"One old friend told me he had a huge crush on me in kindergarten, and it tore him apart when we weren't put in the same class in first grade," she said. "When I read that, it was like, wow. I blushed at my computer. I had no idea I was so important to him. It felt very real and warm and dear."

The problem is that it's not real, says Joanna Lipari, a clinical psychologist at the University of California, Los Angeles. She compares Facebook to "The Truman Show," the 1998 Jim Carrey movie about a fabricated world where nothing ever goes wrong.

"Facebook is a fun, pleasant, happy, beautiful world. People only present the crème de la crème of their lives on Facebook. And these people want to be your friends! It's very seductive."

It's especially seductive when real life isn't going so well, Pile adds.

"In real life, people have morning breath, and you have to pay bills with them, and you argue about who's going to change the baby's diaper," she said. "But Facebook is happyland. You don't have to deal with any of that."

Newton says she knows all this and is frustrated at how much time she spends on Facebook, given that she has a job and a child.

"I've thought about going cold turkey, but that would make me so uncomfortable. I know I couldn't do it."

You know you're a Facebook addict when ...

1. You lose sleep over Facebook

"If you're staying up late at night because you're on Facebook, and you're tired the next day, Facebook may be a compulsion for you," Lipari said. "You shouldn't be neglecting yourself because of Facebook."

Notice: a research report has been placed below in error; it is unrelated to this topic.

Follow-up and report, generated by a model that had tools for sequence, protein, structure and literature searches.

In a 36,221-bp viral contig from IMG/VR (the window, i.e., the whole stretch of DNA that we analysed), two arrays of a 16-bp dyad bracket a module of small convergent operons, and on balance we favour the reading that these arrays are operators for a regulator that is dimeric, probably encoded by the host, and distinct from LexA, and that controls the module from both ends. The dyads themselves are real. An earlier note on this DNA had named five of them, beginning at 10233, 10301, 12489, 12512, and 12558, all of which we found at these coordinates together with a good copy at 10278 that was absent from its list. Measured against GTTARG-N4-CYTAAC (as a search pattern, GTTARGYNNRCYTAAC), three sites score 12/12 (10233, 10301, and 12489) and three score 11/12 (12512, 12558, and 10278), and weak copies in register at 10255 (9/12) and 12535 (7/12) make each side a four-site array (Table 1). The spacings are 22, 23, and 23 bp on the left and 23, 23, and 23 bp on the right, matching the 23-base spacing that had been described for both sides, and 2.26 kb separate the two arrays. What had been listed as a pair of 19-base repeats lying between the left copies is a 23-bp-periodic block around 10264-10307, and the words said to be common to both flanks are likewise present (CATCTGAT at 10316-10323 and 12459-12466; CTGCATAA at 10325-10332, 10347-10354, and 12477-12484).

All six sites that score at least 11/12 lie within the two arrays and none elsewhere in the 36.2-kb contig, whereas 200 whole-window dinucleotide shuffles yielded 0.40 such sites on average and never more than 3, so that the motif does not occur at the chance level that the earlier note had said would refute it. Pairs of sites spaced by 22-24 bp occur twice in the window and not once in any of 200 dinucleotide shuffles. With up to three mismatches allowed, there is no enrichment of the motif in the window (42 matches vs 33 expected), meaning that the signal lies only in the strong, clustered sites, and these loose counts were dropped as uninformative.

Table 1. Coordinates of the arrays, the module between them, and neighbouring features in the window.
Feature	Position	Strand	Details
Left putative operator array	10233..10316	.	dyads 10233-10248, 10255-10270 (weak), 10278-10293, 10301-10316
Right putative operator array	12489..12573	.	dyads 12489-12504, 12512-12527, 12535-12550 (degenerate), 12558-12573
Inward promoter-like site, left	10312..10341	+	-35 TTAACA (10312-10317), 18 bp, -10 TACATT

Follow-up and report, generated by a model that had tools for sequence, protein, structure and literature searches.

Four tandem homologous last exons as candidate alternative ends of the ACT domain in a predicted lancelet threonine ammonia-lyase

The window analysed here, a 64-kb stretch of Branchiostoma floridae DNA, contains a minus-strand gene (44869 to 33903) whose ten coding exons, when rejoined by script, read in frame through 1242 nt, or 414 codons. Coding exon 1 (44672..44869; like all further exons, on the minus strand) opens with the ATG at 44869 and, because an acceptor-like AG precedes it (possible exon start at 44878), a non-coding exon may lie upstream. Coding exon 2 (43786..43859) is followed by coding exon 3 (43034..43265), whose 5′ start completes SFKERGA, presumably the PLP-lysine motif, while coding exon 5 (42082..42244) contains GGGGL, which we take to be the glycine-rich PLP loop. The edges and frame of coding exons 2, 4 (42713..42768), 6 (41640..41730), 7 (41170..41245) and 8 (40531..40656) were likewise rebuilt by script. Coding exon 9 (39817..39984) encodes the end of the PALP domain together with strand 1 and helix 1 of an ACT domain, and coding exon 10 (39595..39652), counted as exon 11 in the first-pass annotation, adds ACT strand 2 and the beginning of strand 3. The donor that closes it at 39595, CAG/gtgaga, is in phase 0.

2. You spend more than an hour a day on Facebook

Pile says it's hard to pinpoint exactly how much is too much time to be spending on social networking.

"I can't imagine that anyone would need more than an hour a day on Facebook, and probably no one needs more than 30 minutes," she said.

3. You become obsessed with old loves

Reconnecting with old friends is one of the great attractions of Facebook, and there's nothing necessarily wrong with "friending" an old boyfriend or girlfriend. But Pile warns that it can get out of hand very quickly.

"One of my clients met up with an old boyfriend on Facebook. They started spending hours and hours into the night talking to each other on Facebook. She made some really inappropriate comments about how unhappy she was in her marriage," Pile said. "Her cousin saw the comments and told her parents, and the parents told the husband, and now they're in the process of getting divorced."

4. You ignore work in favor of Facebook

"If you're not doing your job in order to sneak time on Facebook, you could have a real problem," Lipari said.

5. The thought of getting off Facebook leaves you in a cold sweat

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Sarah Browne, who writes the Guru of New blog, gave up Facebook for Lent last month when she realized that she had a "mild" addiction to the site. She's come up with "Seven Signs You May Be Ready for a Social Media Detox."

Pile has her own quick test: "Try going a day without Facebook. If you find it causes you a lot of stress and anxiety, you really need to get some help."

CNN's Jennifer Pifer Bixler and Sabriya Rice contributed to this report.